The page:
When a homeowner states in a sale agreement that — to the best of his knowledge — the property was never used for growing or manufacturing illegal substances, and subsequently discovers before closing that the house was a marijuana grow-op 12 years earlier, can the buyer back out of the deal?
Does a seller’s representation and warranty in the typical illegal substances clause speak to the moment the contract was signed? Or does it carry through right to closing?
Those were the issues in a court decision released last June, and in a hearing before the Ontario Court of Appeal in January 2018. When the appeal decision is released, it will affect every real estate lawyer and realtor in Ontario.
Jonathan and Jacqueline Beatty were the sellers of their home on Stainforth Dr., in Toronto, and Zhong Wei was the buyer. The agreement of purchase and sale was dated May 15, 2016 and contained a standard illegal substances clause that is used thousands of times a year across the province. The typical wording, which was used in this case, stated that the warranty survived closing and did not end when the buyers registered their deed.
Three weeks after the agreement was signed, the purchaser’s lawyer received a letter from the Toronto Police Service confirming the property had, indeed, been a grow-op and that 265 marijuana plants had been seized in 2004. The Beattys bought the house in 2009 but never knew about the grow-op.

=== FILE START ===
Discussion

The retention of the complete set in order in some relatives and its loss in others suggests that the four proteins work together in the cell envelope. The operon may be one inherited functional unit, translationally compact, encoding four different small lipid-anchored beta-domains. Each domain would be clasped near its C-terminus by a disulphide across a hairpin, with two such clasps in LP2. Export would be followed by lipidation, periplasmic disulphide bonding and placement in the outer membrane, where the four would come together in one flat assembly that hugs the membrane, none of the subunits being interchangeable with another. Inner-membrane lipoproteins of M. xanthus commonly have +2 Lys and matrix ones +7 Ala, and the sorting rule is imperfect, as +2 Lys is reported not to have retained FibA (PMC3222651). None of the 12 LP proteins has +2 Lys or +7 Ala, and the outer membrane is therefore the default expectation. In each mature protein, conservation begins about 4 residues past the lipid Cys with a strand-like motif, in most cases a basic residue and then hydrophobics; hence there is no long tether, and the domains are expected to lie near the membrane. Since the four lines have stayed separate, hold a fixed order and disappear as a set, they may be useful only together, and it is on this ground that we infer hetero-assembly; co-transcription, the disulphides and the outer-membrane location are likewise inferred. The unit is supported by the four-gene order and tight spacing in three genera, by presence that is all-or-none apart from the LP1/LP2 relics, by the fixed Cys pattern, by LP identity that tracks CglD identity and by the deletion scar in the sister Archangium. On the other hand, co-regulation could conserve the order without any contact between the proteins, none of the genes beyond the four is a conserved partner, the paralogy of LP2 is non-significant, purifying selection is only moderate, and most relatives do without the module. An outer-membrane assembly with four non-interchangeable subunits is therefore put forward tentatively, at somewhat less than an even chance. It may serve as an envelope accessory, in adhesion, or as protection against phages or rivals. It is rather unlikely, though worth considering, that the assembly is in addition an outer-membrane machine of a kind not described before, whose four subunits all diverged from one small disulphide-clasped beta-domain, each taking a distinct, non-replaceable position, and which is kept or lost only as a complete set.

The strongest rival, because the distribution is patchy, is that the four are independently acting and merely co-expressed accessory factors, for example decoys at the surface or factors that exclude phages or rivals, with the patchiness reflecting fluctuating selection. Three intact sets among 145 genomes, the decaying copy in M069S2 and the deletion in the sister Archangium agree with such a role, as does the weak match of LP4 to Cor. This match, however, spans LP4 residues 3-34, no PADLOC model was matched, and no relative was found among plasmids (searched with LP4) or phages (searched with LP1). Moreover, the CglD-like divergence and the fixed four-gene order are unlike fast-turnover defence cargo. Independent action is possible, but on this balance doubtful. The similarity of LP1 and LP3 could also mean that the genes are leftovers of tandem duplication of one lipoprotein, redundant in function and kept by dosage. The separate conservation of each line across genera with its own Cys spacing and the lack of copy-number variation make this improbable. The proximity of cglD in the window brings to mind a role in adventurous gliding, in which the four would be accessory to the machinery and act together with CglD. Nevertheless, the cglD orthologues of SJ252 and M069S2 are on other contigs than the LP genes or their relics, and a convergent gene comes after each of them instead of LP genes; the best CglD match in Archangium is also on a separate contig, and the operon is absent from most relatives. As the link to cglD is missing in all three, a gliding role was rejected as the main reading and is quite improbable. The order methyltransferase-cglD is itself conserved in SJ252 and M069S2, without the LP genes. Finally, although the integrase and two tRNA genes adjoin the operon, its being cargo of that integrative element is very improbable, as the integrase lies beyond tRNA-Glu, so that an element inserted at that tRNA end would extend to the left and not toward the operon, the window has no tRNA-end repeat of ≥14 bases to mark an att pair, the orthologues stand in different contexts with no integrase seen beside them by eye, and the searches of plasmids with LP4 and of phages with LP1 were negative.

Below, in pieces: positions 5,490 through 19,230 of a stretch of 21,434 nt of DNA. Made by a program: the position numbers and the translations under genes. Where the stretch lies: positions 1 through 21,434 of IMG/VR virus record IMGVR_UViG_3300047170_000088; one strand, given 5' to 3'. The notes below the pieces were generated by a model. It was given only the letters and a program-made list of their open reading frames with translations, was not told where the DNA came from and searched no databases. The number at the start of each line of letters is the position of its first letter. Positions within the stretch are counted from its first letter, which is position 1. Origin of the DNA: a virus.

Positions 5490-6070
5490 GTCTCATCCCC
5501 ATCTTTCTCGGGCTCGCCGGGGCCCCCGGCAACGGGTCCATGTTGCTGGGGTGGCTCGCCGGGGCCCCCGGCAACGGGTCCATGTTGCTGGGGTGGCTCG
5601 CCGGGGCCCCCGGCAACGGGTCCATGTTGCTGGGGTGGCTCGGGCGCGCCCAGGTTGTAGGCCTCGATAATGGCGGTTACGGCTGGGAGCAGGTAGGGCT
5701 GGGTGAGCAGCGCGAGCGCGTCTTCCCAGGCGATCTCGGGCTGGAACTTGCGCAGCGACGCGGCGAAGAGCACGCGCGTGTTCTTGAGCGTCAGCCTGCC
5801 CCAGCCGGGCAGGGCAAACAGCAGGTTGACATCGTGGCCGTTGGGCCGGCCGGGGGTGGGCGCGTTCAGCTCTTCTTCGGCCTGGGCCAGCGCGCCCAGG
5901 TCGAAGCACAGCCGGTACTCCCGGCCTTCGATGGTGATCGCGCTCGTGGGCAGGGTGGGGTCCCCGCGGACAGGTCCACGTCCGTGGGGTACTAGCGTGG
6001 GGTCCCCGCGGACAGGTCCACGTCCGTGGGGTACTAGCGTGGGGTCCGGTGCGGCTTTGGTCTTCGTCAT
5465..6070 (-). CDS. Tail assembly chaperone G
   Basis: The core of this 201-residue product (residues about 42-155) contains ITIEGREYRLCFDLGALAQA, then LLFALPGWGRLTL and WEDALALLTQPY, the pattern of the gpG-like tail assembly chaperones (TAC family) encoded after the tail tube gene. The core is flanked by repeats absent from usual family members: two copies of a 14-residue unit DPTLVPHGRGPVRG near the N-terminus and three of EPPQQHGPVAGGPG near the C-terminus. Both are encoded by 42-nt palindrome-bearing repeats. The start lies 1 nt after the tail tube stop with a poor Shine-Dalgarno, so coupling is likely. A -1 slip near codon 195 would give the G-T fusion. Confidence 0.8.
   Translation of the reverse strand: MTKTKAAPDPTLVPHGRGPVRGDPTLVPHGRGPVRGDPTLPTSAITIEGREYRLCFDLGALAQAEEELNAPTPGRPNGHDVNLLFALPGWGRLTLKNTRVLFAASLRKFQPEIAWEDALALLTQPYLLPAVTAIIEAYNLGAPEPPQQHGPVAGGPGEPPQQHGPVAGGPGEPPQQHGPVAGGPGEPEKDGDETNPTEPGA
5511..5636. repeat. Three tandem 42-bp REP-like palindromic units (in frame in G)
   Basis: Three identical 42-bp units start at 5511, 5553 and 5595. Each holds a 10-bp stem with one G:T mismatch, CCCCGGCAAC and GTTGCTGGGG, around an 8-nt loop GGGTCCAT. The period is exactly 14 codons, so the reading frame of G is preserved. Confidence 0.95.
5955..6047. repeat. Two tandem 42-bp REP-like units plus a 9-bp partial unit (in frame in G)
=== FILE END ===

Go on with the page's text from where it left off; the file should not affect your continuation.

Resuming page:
Wei refused to close the transaction and the Beattys resold it to another buyer for $829,900 — $86,100 less than the price in the Wei agreement.
Last June, Wei applied to the Superior Court for an order returning his $30,000 deposit and declaring that he did not have to close the deal based on the sellers’ misrepresentation. The Beattys asked the court to declare that Wei breached the contract and that they could keep the deposit.
Justice Peter Cavanagh ruled that the buyer was entitled to back out of the purchase agreement, and was entitled to the return of his deposit.
The judge made a distinction between the words “representation” and “warranty,” both of which were contained in the illegal substances clause.
Cavanagh found that when the seller made a warranty in the agreement of purchase and sale, it was only effective only up to the date of the agreement.
But he also noted that the statement used the word representation. The representation was that, to the best of the sellers’ knowledge and belief, the property had never been used for the growth or manufacture of illegal substances.
The judge ruled that this was a statement of a present fact that was intended to be relied upon when made, and one upon which the purchaser was entitled to continue to rely, at least until closing.
He ordered that the buyer was entitled to terminate the purchase agreement and receive back the entire deposit. In a subsequent ruling, the judge also awarded the buyer legal costs of $26,436.43.
In my experience, lawyers and real estate agents generally accept this representation and warranty clause to speak only at the time of the contract — and not later.
At press time, the Court of Appeal had not yet released its decision. Whatever it says, however, the province’s illegal-substance clause is due for an overhaul.